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Letters to the Editor: Coronavirus pandemic qualifies as great catastrophe

Testing (copy)

Swabs used to test for the coronavirus are ready for patients at the Roper St. Francis drive-through testing site on Rivers Avenue in North Charleston in March. File/Lauren Petracca/Staff 

COVID-19 is not the apocalypse many religious people have been expecting, when God brings about the end of the world in a battle between the forces of good and evil.

Nevertheless, we are having an apocalypse. The original Greek word means a revelation, an unveiling of what was previously hidden.

It also means a great catastrophe. This pandemic certainly qualifies as such.

It’s striking the difference between those who fantasize about a religious apocalypse from a position of comfort and safety, and those who are experiencing real danger and hardship.

Scientific evidence shows that the pandemic will eventually pass, in part because of the courageous work of our health care and service workers on the front lines, and those volunteering to help them.

It will pass when we distance ourselves from each other long enough so we don’t get the virus and then infect others.

It will take scientists in many countries sharing knowledge to create a vaccine.

In the meantime, we can improve our country with selected rent and mortgage suspensions, a stronger social safety net, paid sick leave for essential workers and more companies allowing employees to work from home.

We can extend kindness and donations as we are able to those less fortunate and emotional support when needed.

In short, we should use common sense, compassion, cooperation and collaboration, all the best parts of civilization and rational thinking. That’s what it takes to overcome an apocalypse.


George Street


Trucks unleash rocks

Dirt haulers hot rod on Clements Ferry Road as developers continue to fill and build, fill and build.

On a recent Tuesday afternoon, I was one of their victims. I was delivering COVID-19 supplies to a granddaughter at Nelliefield Plantation. On a narrow part of Clements Ferry Road, I saw a cloud of dust coming toward me from a white dump truck. A second later, a barrage of rocks struck my car like shrapnel. I ducked.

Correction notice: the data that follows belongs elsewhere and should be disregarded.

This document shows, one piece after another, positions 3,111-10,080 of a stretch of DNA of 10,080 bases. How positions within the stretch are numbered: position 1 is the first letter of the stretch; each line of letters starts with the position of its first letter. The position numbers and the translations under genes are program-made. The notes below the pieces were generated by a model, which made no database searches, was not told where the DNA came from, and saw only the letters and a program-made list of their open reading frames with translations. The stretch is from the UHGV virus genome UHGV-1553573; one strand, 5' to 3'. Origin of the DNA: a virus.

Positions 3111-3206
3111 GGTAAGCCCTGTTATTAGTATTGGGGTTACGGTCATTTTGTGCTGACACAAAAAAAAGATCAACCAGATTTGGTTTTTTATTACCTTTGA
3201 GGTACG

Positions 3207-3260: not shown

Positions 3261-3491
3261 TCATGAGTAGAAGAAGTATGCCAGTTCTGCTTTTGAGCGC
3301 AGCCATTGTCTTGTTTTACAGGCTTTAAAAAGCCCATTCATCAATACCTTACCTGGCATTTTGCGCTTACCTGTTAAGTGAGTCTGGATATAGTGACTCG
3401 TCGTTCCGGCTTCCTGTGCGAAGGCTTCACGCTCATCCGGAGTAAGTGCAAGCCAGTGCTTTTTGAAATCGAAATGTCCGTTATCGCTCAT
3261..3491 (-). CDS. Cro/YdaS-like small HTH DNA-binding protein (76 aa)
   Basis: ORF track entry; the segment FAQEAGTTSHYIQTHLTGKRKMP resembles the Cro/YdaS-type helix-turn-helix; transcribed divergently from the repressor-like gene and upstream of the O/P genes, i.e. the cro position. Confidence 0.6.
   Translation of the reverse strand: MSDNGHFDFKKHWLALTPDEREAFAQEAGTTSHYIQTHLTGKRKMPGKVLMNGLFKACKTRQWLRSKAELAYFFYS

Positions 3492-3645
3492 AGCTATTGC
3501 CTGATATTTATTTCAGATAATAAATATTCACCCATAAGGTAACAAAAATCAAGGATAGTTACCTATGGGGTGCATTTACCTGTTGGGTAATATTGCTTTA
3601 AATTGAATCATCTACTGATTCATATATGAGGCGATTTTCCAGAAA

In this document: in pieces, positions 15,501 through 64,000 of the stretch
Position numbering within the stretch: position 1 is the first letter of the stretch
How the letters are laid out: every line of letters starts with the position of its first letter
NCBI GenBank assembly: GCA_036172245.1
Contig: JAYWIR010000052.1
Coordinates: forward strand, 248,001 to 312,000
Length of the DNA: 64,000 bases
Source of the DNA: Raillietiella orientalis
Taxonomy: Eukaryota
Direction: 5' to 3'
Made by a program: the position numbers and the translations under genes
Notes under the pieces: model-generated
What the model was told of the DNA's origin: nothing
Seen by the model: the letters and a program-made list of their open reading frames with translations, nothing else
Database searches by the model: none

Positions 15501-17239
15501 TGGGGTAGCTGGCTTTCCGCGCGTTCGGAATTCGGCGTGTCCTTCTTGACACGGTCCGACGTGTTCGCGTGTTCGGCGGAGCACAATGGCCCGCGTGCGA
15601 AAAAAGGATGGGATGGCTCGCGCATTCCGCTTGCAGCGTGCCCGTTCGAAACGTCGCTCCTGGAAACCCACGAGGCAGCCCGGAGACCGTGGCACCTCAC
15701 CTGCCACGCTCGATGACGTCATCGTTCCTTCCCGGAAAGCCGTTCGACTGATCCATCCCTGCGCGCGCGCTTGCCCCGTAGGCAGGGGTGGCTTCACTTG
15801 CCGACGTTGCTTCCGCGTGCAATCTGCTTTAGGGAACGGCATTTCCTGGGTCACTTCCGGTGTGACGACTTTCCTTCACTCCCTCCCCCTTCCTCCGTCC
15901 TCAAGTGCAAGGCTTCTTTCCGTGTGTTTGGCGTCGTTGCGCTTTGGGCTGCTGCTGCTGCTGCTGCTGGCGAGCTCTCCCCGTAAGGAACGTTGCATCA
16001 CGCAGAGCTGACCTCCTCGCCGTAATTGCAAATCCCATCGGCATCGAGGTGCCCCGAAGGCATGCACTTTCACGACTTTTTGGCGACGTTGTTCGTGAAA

As far as I could tell, the truck had no markings, but it was very dirty and had sped past me, so I could not identify it.

My windshield took six rocks, another rock broke the glass in the front left-turn indicator light. The hood of my car has nine paint divots.

I’ve been informed the police will do nothing because insurance will cover replacing the windshield without paying the deductible.

Replacing the piece of glass over the turn light costs $235. A paint job will be needed to touch up and to prevent rust. Those will not be covered by insurance.

The developers and builders need to be accountable for the people they hire to wrangle dirt and rocks from one location to another. Limit their loads, cover them better and report their “mishaps.”


Mariners Ferry


Landlords need help

What about relief for landlords? Our tenants are not paying rent. We cannot afford flood insurance, property taxes or maintenance unless we get rents from our tenants.

Our retirement income depends on rent, but this year we are hurting.

Some think all landlords are rich. Trust me, many are not.

Some of us depend on our tenants so we can pay our bills.


Middle Street

Sullivan’s Island

Just lucky enough

If we have been lucky enough to have been able to stroll through our neighborhoods, then maybe we have been just lucky enough.

On one meandering, I observed a couple in rocking chairs on their porch conversing with two younger folks seated a respectable distance away.

Upon commenting in admiration about their proper social distancing, the couple identified with pride the visitors as their grandchildren.

Another walk led to a sign inviting neighbors to watch and/or feed the happiest chickens one could ever imagine.

Each day’s neighborhood walk reveals a daily magic: a mother creating a splash park for her children, a family creating an egg-decorated forest wonderland, an inviting sidewalk chalked exercise course, beekeepers tending their bees, grandparents pushing strollers and children creating new activities from one driveway to the next.

Perhaps, the best discovery in all these observations is the many manifestations of love.


Travers Drive


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